The pope asked people to reflect on their relationship with the Holy Spirit and pray that the Spirit guide them in the choices they make. “I ask that he give me the grace to distinguish the good from the less good because good can be distinguished from evil easily,” the pope said.
At morning Mass the next day, May 30, Pope Francis reflected on how pastors and bishops must be ready to leave their flock and follow God’s call to head somewhere completely unknown.
A real pastor, he said, knows how to let go of the church he once served because he knows he is not the protagonist or “central focus of the story.”
He must see his life as having no importance to himself, and do everything to serve God and his people “without compromise” and with courage, the pope said.
Priests and bishops must be open to and obey the Holy Spirit because “the pastor knows that he is on a journey.”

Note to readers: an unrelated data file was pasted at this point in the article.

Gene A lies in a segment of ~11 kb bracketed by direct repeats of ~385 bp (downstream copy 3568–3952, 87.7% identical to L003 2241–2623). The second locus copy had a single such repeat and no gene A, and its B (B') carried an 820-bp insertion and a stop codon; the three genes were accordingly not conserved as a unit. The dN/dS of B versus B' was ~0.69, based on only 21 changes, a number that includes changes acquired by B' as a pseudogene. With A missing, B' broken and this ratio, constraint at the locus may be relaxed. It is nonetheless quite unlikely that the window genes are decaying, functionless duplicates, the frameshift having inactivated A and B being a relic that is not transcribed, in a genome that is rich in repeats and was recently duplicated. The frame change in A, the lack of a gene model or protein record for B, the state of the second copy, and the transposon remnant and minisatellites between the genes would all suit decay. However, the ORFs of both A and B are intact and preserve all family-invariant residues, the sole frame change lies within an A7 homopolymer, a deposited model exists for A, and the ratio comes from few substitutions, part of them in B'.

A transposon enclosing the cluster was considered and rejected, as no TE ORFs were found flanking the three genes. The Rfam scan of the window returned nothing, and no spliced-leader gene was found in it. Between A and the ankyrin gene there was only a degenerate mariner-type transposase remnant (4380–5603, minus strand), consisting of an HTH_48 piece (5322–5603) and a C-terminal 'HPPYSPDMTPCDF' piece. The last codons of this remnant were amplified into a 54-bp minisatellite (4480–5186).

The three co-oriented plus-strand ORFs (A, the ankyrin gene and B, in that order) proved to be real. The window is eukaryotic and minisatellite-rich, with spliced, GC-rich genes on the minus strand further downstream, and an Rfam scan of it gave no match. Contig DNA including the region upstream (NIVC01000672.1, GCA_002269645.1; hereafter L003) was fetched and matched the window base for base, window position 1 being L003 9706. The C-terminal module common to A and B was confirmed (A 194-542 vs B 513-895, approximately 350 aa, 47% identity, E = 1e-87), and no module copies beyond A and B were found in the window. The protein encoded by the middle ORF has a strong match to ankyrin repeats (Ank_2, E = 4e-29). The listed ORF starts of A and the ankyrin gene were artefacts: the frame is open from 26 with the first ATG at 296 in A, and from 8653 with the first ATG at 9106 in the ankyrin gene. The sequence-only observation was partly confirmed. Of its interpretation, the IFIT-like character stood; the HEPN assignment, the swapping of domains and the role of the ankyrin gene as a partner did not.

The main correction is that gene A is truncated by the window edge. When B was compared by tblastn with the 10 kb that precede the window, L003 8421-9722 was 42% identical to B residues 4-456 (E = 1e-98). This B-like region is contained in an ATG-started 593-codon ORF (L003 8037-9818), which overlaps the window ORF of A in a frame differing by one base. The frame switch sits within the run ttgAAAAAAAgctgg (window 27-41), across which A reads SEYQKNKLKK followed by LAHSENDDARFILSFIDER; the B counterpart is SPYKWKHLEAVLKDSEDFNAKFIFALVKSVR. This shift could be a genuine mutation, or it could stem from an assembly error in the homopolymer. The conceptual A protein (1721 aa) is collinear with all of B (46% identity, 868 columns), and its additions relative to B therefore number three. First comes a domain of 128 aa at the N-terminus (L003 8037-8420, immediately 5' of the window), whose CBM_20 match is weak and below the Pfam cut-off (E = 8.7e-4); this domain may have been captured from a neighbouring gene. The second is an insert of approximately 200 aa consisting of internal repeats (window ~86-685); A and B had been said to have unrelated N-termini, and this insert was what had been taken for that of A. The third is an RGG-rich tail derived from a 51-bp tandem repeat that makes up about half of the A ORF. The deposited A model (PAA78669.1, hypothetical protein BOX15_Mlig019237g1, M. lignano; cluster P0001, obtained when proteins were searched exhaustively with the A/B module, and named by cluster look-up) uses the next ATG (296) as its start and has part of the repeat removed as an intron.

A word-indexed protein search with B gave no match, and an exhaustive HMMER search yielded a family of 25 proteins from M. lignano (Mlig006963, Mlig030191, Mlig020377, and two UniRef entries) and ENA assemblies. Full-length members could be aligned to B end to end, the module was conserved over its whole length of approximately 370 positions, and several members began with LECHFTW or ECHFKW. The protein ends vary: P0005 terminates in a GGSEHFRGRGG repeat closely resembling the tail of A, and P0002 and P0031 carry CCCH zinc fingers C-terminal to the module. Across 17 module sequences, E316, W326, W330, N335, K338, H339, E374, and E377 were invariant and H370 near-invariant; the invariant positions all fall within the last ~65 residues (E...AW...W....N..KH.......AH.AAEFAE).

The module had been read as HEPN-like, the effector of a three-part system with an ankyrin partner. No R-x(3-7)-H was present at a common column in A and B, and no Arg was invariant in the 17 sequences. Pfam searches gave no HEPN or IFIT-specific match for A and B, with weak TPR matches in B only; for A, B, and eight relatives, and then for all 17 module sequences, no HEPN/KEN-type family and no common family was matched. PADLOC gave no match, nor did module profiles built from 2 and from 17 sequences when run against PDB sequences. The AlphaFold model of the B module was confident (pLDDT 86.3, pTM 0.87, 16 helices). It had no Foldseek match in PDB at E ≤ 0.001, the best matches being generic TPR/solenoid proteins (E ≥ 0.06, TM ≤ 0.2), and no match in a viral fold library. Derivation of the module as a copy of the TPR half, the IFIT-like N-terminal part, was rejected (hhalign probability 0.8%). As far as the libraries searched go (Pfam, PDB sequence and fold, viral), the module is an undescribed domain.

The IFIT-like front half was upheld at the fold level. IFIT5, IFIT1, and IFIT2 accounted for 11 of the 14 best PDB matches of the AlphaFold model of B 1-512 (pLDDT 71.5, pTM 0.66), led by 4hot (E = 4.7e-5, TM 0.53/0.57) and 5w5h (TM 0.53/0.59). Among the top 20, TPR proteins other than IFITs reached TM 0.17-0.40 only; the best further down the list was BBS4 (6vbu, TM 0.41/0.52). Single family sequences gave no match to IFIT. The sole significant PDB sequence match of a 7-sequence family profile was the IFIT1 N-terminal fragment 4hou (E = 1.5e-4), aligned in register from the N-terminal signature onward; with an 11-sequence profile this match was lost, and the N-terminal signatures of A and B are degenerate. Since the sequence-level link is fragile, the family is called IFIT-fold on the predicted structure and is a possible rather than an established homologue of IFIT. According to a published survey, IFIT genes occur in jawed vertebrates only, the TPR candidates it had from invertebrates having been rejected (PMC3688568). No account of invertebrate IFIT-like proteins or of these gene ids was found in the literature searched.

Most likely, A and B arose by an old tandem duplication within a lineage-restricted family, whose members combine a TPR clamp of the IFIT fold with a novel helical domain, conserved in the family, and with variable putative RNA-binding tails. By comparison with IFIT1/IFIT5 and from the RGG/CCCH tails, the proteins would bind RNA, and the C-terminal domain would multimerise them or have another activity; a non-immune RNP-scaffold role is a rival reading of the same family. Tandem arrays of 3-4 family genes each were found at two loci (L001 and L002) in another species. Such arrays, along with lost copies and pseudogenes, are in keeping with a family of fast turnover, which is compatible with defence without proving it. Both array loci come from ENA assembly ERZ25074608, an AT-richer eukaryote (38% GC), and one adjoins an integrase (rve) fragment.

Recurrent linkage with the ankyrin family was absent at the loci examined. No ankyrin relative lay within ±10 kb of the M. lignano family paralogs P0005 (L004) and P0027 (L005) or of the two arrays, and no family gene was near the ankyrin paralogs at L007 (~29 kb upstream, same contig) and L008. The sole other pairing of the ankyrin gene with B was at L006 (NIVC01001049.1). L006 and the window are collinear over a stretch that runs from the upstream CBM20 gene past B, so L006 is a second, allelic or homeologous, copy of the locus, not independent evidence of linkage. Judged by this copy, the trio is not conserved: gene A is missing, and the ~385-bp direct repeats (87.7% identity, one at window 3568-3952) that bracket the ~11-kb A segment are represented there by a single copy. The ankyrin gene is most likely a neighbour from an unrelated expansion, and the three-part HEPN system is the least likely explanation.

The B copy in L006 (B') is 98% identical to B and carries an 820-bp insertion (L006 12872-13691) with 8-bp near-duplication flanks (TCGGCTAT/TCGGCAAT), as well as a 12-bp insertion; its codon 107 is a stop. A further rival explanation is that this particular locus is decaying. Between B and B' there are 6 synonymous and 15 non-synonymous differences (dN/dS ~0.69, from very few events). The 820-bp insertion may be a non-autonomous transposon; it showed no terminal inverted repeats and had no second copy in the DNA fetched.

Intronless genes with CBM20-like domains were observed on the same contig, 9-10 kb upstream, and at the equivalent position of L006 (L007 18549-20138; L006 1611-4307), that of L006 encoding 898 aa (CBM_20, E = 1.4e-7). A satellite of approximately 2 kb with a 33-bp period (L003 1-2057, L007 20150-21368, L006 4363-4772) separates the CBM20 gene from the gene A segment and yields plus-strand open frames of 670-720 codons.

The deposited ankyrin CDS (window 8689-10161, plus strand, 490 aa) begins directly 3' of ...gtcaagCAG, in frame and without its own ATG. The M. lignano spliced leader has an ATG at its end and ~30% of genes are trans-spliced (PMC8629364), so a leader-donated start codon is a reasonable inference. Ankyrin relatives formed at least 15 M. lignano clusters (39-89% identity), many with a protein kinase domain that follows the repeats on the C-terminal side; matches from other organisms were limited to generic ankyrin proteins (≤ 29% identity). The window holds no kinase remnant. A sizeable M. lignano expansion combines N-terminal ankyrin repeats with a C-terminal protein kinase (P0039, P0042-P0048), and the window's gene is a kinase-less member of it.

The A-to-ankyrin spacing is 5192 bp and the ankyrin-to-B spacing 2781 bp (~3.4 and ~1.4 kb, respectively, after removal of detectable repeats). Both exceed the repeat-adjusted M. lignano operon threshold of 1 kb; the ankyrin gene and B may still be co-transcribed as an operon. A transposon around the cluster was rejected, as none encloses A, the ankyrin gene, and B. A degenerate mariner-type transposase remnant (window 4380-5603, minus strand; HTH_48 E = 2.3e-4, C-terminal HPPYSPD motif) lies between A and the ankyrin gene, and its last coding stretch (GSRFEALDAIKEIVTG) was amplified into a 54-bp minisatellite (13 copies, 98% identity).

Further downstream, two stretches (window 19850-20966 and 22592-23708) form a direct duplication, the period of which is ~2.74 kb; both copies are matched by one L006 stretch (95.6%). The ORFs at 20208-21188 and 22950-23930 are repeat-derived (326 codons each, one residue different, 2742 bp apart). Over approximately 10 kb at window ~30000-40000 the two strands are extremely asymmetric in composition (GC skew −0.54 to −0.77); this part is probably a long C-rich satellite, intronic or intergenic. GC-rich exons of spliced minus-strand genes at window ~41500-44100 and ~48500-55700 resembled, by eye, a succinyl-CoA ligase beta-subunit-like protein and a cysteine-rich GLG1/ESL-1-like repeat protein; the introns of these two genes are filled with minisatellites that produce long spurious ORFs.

Ministers will be like Paul, who was called to leave the church at Ephesus and head to Jerusalem, where “what will happen there I do not know,” except that he had been warned hardships and trouble would await him.
Every apostle of Christ must guide his flock without compromise, being ready to leave everything behind and head into the unknown, the pope said. He always must serve the people without ever misleading or improperly using them by making them think he is the “central focus of the story.”
A pastor who does not learn to leave his post well does not have a good relationship with his flock and has formed “a bond that is not purified by the cross of Jesus,” the pope said.